Bridging the Gap: Angela Stinson-Adams ’82 and Eniece Banes ‘20
The 2018 academic year marks the 50th anniversary of our first Black students enrolling at Converse College. Throughout the year we are reflecting on the courage of these women, our heritage and growth, as well as the work still ahead of us. This is the fourth in a series featuring our alumnae.
By Courtney Hammett ‘19
Biochemistry major Eniece Banes ’20 first met alumna Angela Stinson-Adams ’82 after a panel discussion at Converse College, celebrating Black alumnae in February 2018. Another alumna told Eniece, “there’s someone you have to meet.” That “someone” was Angela Stinson-Adams and she changed Eniece’s life when she offered her a paid internship on the spot. “I almost fainted,” Eniece admits. “It didn’t seem real; it seems like one of those Hallmark movies.”
The summer internship was in Atlanta, where Eniece could only afford about two weeks of lodging. To cross this final hurdle, she was offered a place to stay by her co-worker, “Ms. B,” who also helped her explore the city.
The internship focused on quality control for biomedical polymers – such as dissolving surgery stitches. “I got to meet a lot of great, interesting people,” Eniece raved. “I learned so much.” Working with medical products taught her to be “very precise.” Throughout the internship, Eniece was under the guidance of Ms. B, April Nelson, and Angela Stinson-Adams herself. She got a look at the “big machines” of the medical industry.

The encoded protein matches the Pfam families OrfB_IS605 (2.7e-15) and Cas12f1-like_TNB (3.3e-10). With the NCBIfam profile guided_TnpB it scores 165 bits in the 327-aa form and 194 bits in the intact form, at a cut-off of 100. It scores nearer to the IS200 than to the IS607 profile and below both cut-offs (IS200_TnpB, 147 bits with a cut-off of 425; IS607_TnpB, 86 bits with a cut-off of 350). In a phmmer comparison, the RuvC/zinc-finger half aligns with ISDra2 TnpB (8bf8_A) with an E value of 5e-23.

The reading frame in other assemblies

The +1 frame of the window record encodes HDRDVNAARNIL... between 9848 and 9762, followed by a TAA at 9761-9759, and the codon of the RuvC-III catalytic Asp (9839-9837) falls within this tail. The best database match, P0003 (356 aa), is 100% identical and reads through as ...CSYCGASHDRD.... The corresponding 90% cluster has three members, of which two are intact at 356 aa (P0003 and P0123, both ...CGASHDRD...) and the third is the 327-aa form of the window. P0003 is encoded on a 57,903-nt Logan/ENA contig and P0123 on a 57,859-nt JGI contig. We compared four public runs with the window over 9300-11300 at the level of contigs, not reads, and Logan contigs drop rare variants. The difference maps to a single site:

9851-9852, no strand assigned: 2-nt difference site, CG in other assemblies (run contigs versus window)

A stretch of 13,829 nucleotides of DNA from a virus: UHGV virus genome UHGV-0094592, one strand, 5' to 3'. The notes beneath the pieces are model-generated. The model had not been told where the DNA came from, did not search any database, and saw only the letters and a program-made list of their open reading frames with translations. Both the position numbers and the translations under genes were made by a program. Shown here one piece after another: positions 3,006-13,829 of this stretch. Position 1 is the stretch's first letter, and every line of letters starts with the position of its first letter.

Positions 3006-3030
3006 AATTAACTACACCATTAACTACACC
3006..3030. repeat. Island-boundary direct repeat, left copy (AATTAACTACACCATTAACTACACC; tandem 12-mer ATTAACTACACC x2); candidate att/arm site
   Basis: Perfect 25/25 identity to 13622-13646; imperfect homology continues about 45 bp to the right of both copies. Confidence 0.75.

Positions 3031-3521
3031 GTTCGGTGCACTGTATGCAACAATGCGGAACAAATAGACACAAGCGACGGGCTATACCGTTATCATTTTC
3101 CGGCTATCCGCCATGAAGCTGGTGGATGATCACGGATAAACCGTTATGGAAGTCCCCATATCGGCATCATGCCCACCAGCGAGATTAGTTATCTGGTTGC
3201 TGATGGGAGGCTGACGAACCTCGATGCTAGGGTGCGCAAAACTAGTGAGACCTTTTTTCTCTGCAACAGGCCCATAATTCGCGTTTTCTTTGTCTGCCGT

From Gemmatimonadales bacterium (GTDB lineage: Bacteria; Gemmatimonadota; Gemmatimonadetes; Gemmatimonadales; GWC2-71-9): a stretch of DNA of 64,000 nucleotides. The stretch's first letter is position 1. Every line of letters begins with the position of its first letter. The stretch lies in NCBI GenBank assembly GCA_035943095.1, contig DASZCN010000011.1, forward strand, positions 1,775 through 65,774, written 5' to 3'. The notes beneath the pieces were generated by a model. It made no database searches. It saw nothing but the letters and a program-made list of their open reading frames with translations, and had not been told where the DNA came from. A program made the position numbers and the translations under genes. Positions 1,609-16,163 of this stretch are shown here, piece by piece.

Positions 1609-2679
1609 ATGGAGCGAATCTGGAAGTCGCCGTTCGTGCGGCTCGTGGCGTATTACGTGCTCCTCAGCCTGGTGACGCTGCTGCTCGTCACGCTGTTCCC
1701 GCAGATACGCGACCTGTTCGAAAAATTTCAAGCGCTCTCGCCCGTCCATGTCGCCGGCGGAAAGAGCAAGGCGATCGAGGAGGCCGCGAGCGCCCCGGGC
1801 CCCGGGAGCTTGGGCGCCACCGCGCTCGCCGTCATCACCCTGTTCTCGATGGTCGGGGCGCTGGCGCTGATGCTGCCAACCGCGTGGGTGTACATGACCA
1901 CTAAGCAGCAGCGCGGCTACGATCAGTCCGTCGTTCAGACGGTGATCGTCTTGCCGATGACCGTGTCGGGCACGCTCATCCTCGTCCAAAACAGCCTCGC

When the summer drew to an end, Eniece’s coworkers threw a surprise party and she was asked to consider returning the following summer. They sent Eniece back to Converse with school supplies and food, for both her and her son. Eniece’s son, the “love of her life”, is now two and a half years old.
As a young mother pursuing a degree, this internship truly opened doors that may not have been possible otherwise
As a young mother pursuing a degree, this internship truly opened doors that may not have been possible otherwise. Eniece says she doesn’t know what she would’ve done without the opportunity. The guidance of her three mentors inspired her to say, “I want to be just like them.” Eniece is grateful for the friends who have eased the burden of attending school away from her son, and for the chance that Mrs. Stinson-Adams took on her.
A first-generation college student, Angela Stinson-Adams understands the value of education. As early as age five, she dreamed of attending college to become a scientist. Coming from Columbus, Georgia, she had never visited Converse before move-in day. Though one of a small and recent minority of Black students at Converse, she found adjustment fairly easy, having been part of integration since the sixth grade. Under the guidance of great professors like Dr. Howell, she gained the skills that made her a scientist. Stinson-Adams urges Converse students to find their place in the community and give back however possible. She says, “don’t be afraid to try things.”
Don’t be afraid to try things.
Converse’s Celebrating Courage series has united students and alumnae separated by decades and laid the groundwork for students and alumnae, like Eniece Banes and Angela Stinson-Adams, to change each others’ lives.